[…] The congregation has responsibility for a new area of disciplinary matters, which the «motu propio» of John Paul II «Sacramentorum Sanctitatis Tutela» has placed in the congregation. The responsibility for dealing with issues of sexual abuse of minors by priests, by clergy, given my experience of that, the explosion of that in the American scene over the past few years, my experience with that as both a local bishop and as a member of the mixed commission that was sent over by our conference to iron out some differences in our approach with the Vatican — those things may have said to him that it wouldn’t be bad to have someone also who has this experience. That’s my read of it anyway.

Q: The norms that were decided a couple of years ago in Dallas have been renewed. Are they working?

Archbishop Levada: I would say yes, very much so. It is multi-pronged: One part is to deal with those priests who have been shown to be guilty of abusing minors, whether recently or even in the distant past.

The other is about issues such as the education of our communities, how to be sensitive to issues involving sexual abuse, how to know what they are, how to report them, to make priests sensitive to that, and their obligations to report allegations to the authorities both civil and church authorities, how the bishop should then conduct himself in his outreach to the victim, to be fair, to make sure they are given a good hearing, to have a board that can assist him, a board of competent and expert people who bring various experts to assist him in the discernment of the steps that should be taken, the validity of allegations, how to interact with the very difficult litigious aspects, the legal communities.

State laws differ very much from state to state in the U.S. There is no one-size-fits-all vademecum draft that says how one is to respond to these allegations and particularly to the court cases that are introduced.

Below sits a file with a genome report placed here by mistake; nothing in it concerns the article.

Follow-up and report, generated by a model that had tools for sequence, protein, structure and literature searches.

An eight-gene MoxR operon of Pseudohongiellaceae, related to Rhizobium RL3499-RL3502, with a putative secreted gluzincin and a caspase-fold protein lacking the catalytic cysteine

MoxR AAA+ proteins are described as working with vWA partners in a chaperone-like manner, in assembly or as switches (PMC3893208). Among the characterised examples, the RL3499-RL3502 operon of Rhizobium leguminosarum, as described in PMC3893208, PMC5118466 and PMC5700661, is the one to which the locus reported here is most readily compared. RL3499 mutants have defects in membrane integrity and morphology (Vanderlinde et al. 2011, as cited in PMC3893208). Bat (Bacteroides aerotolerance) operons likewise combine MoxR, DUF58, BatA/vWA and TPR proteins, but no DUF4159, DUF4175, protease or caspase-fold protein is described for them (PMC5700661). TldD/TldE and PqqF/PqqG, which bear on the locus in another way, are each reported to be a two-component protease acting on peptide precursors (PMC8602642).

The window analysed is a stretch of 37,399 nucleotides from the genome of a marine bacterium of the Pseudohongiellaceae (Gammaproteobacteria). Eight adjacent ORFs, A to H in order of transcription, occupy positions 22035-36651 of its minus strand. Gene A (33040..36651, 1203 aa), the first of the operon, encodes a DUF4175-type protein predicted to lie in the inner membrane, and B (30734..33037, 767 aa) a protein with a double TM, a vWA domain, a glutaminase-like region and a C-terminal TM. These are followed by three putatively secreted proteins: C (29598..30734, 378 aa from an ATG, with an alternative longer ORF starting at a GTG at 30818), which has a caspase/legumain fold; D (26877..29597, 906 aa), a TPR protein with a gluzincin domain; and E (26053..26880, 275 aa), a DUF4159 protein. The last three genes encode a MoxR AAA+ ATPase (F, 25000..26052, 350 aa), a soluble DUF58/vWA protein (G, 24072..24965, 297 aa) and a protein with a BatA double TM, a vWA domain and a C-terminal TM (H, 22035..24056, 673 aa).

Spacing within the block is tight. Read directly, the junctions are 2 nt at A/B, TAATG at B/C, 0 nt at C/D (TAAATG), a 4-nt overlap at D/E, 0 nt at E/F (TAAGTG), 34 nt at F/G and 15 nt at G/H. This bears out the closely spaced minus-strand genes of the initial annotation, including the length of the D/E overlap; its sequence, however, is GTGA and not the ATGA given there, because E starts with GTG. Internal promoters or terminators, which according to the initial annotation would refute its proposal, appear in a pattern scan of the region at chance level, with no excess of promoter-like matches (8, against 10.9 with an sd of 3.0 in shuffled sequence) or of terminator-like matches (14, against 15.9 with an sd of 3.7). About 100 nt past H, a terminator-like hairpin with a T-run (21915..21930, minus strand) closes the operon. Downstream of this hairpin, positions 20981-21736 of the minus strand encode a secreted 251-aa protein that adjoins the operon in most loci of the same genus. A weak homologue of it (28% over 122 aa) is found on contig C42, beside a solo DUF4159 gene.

Currently there is an apostolic visitation of the seminaries which is under way that was asked for by the bishops of the U.S. as an additional guarantee to people that we would have an objective point of reference to review the programs of the seminaries, admissions to seminaries.

On the whole the bishops did not hesitate, even many of us who were challenged by a huge outlay of financial expense to satisfy claims sometimes ordered by courts, decided by juries, to make sure we put adequate resources into these programs, outreach to victims programs, support for legitimate claims for therapy and so forth.

I would say that this program has been an extraordinarily successful response. And we even have a monitoring program to help the bishops in dioceses with an outside independent audit procedure to evaluate their program to see if there are any weak points and then to make sure they are corrected.

I really think that the program is just what needed to be done. I am sorry that, with so many of my brother bishops, it had to be done under so much duress, that there was such an explosion of news reports and so forth, that we were not more on top of this for a longer period of time in the past. It certainly has been a very effective program since it has been put into place.

Q: We often hear, especially in the Western world, that people now say that they are spiritual, not religious. When describing the difference between the two, they often use the word doctrine, and when they do so, they don’t use it in a positive way. It tends to have many negative connotations. Why is that?

Archbishop Levada: Let me say in general, you raise the question as one that is a phenomenon that we look at the idea of spiritual versus the religious.